Maritime Crime, Maritime Security, seaborne trade, territorializing, choke points, UNCLOS, EEZ, BRI, China, cyber crime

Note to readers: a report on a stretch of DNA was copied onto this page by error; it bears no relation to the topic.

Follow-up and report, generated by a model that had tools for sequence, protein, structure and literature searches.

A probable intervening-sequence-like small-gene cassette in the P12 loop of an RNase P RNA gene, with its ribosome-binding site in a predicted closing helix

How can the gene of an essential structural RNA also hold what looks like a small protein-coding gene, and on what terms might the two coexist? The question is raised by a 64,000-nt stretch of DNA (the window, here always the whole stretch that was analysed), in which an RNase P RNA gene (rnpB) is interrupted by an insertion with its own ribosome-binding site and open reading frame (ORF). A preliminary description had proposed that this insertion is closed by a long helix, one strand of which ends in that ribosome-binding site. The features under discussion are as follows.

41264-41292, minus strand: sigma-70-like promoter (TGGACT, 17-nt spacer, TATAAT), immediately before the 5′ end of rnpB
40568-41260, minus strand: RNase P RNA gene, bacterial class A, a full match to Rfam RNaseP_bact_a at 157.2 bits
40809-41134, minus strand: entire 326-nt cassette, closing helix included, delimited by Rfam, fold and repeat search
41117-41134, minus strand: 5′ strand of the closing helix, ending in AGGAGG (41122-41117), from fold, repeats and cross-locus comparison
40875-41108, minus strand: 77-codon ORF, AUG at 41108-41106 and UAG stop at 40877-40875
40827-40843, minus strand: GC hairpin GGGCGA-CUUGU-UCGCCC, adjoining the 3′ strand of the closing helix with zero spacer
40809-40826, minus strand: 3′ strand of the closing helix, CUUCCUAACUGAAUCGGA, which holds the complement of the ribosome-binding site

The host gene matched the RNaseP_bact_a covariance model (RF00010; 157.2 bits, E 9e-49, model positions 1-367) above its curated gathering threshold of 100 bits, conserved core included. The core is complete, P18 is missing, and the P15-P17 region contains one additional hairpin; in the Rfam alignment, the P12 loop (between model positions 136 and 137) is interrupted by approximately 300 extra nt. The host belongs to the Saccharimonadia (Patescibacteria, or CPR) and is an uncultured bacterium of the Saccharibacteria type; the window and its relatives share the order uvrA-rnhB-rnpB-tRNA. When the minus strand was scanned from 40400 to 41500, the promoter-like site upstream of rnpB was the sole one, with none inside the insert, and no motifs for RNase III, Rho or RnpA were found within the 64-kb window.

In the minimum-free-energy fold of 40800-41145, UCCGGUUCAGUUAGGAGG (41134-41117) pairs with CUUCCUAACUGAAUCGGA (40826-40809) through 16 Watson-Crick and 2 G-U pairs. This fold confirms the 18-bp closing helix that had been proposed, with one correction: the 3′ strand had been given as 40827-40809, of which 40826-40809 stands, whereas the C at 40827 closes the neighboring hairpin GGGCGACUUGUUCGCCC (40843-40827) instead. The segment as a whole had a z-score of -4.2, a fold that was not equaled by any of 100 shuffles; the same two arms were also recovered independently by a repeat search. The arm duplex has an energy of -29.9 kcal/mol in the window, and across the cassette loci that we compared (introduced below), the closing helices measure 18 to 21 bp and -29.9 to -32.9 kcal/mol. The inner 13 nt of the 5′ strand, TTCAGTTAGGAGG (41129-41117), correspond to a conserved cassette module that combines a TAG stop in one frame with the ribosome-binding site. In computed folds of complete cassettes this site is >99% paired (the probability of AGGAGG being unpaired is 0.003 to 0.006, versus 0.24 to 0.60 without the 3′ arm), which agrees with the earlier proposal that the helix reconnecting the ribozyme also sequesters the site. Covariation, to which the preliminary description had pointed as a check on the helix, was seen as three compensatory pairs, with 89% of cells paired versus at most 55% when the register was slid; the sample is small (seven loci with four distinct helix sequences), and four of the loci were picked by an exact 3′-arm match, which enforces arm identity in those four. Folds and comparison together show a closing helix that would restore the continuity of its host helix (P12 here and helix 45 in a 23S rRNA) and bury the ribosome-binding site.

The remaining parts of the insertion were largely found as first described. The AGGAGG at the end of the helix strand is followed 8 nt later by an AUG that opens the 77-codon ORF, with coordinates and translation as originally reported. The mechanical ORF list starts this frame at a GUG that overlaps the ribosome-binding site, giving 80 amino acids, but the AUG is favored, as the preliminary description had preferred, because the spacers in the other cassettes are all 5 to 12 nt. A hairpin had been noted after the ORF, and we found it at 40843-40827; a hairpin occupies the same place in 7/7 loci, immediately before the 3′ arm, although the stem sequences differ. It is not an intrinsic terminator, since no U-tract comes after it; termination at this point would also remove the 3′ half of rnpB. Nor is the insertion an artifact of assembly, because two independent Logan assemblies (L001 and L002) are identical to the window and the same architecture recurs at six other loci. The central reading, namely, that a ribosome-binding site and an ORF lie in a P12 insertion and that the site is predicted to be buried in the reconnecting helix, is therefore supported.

This paper explores what is meant by ‘Maritime Crime’ and ‘Maritime Security’, building on the work of Natalie Klein and Christian Bueger. The term Maritime Security means different things to different people, while Maritime Crime, whereas perhaps easier to define, has been neglected by criminologists and crime scientists whose perspective has largely remained landlocked. Given the enormous value of maritime assets – not just ships but offshore energy platforms, wind turbines, ports and harbours – this is a strange omission. The seas carry some 90 percent of world trade by volume and 70 percent by value and cover 71 percent of the earth’s surface. International communication depends on undersea cables. The value of seaborne traffic, whether goods, raw materials or information, makes it supremely attractive to criminals. It also acts as a magnet for fraud. An obvious manifestation is the continuing scourge of piracy, which, while technically a crime, straddles the porous border between crime and security studies. Increasing automation also increases vulnerability to cyber-attack. The paper draws on other scholars’ earlier work and identifies two different if complementary approaches. A ‘negative’ approach, which sees ‘security’ as protection against a range of threats, and a ‘positive’ approach which seeks to build good order at sea and on the littoral shore and to make sustainable use of the seas’ and oceans’ vast resources. This includes the development of the ‘Blue Economy’. Although sea levels may rise with global warming, paradoxically a process of territorialisation is underway as states seek not only to exploit their Exclusive Economic Zones but even to extend them, by utilising the provisions of the 1982 UN Convention on the Law of the Sea. Thus, in a political and legal sense the ‘high seas’ are not rising at all but being stripped away.
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